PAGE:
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Elizabeth Yelling, GBR

Full Name: Elizabeth Yelling (nee: Talbot)
Born: 5th December 1974 (Welwyn Garden City)
Sex:  Female
Marital Status: Married to  steeplechaser Martin Yelling.
Height: 1.74m
Weight: 56kg
Event: Long Distance
Club: Bedford and County AC
Coach: Alec & Rosemary Stanton
Occupation: Part-time Maths/PE Teacher


Personal Bests:

6 Sept 2000
Watford, GBR
14 July 2001
Birmingham, GBR
3km (mixed)
25 July 2001
Watford, GBR
24 June 1998
Swindon, GBR
15 June 2002
Manchester, GBR
30 June 2002
Manchester, GBR
5 Mar 2000
Ruislip, GBR
10 Sept 2000
Bradford, GBR
13 Sept 1998
(GSR) Portsmouth, GBR
Half Marathon
7 Oct 2001 
Bristol, GBR



Liz was 2nd in the AAA Juniors and won the English Schools 1500m in 1993, when she also ran for the British junior team. 


Liz had a fine cross-country season, winning the Southern Junior, 2nd in the CAU Junior and 5th in the National Junior before winning the Southern 1500m on the track, with three sub 4-20 times in the year. She also ran for the UK Under-23s at 3000m and ended the year with a fine 10th in the European Cross-Countries. Injuries held back Liz since she was the first Briton in the 1995 European cross-country


She was third in the CAU and had second places at the British Universities and UKs, but missed most of the track season.


Liz was 3rd in the National cross-country, but missed most of the track season.


Liz won the Reebok Cross Challenge series and, with an individual bronze, helped the British team to the team gold at the World Students cross-country, going on to her best season to date on the track.


She was 3rd in the National Cross-Country, a week after running for Britain in the Chiba Ekiden road relay. She then came in as a reserve to run in the World Cross-Country Championships. 

After a steady track season she ran brilliantly at Velenje to place 4th in the 1999 European Cross-Country Championships. 


She was runner-up at the World Cross-Country Trials and was then Britain's third scorer in the World 8km race. She ran a personal best of 26:09 to win the Hillingdon 5 Miles in March, and made her 10,000m track debut in the European Challenge, 24th in 33:11.84. 

She improved that to 33:07.9 for 8th at the AAAs. She took over two seconds off her personal bests for both 800m and 1500m, and at 3000m won for England against France. In October came her best performance of the year as she won the Stroud half marathon in 72:31 (compared to her previous best of 75:06 from 1998) and she earned a team silver medal when she was eighth, Britain's second finisher, in the European Cross-Country.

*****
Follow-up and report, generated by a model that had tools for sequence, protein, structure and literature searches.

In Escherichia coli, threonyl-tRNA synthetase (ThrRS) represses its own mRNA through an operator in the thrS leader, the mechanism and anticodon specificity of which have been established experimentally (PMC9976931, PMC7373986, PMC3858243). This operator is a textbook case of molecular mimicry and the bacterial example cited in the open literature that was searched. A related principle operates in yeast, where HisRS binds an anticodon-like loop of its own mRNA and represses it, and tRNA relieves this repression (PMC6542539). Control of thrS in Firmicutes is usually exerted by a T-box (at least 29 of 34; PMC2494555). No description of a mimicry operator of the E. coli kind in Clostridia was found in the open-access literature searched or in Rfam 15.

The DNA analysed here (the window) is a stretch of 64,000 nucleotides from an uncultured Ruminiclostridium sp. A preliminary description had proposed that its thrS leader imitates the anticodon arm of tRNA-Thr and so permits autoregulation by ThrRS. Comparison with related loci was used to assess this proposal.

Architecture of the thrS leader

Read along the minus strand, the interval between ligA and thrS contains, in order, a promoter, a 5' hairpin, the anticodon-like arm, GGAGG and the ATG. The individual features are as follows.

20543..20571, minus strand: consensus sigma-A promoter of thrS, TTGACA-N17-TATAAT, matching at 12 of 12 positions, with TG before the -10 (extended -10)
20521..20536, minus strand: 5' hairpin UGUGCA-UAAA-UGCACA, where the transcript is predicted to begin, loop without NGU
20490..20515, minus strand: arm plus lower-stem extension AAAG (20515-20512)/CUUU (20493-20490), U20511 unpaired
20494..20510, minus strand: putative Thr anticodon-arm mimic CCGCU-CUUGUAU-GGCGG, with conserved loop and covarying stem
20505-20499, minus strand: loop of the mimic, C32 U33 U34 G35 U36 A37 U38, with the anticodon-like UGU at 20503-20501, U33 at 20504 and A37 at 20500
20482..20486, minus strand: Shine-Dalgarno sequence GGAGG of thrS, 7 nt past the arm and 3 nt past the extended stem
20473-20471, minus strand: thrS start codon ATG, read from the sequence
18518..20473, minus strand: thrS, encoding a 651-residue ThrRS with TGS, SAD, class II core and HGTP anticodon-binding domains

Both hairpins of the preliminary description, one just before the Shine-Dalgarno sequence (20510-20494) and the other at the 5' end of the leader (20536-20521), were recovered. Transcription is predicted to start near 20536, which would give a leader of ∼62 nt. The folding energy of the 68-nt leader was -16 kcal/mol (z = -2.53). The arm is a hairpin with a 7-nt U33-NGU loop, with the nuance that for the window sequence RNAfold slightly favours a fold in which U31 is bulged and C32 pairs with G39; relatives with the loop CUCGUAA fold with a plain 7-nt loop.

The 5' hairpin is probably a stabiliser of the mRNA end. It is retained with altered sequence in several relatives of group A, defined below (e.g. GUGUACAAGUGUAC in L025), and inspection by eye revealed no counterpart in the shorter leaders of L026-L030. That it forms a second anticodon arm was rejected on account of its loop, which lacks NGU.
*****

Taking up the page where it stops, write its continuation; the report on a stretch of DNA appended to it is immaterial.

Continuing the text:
Liz was a clear winner in the CAU/Trials race, had a 27-second winning margin to take her first National Cross-Country title and had her best ever run at the World Cross-country Championships. 

She ran personal bests for 3000m in July (9:08.13 and 8:57.3) and with 4:15.01 for second place in the AAA 1500m. 

She was then 4th in the Great Scottish Run, half marathon with a PB 72:26 (winning the UK title) and was 4th in the Cheltenham 10km race (2nd AAAs) in 33:20. She then took another 57 seconds off her best for 23rd place in the World Half Marathon. 

She was a clear winner of the Reebok Cross-Country Series in 2001/02 when gained her fourth top ten place at the European Cross-Country Championships, leading the British team to the silver medals, and won the UK and national titles before another fine run with 18th at the World Cross-Country. 

She left her job as a part-time maths/PE teacher to become a full-time athlete in December 2001.


On the track in, Liz took over 40 seconds off her 10,000m best when 7th in the European Challenge race in 32:26.53 and ran a personal best of 15:45.08 for 4th at 5000m at the Commonwealth Trials and took over 28 seconds off her personal best when 4th in the Commonwealth Games 10,000m in 31:58.39, was 20th at the Europeans in 32:44.44 and was easily the fastest British woman in the Great North Run half marathon when 8th in 71:42.


Liz won the Liverpool cross-country, her ninth successive win in Reebok Challenge Series races, but was then fourth at Margate, suffering the after-effects of a cold. Not fully fit, she was 30th at the European Cross-Country, but was Britain's third finisher and earned a team bronze medal.  Returning after viral problems, she was 2nd in the CAU Cross-Country and third in the overall Reebok Cross-Country series before an encouraging run at the World Cross-Country when she was 19th (fifth European) in the short-course race.  She ran 32:22.21 for 7th in the European Challenge 10,000m. An Achilles injury held her back, but she was pleased with her second in 33:37 in the London road 10km in July and improved to 33:02 for third at Tilburg, while preparing for her marathon debut in Berlin.


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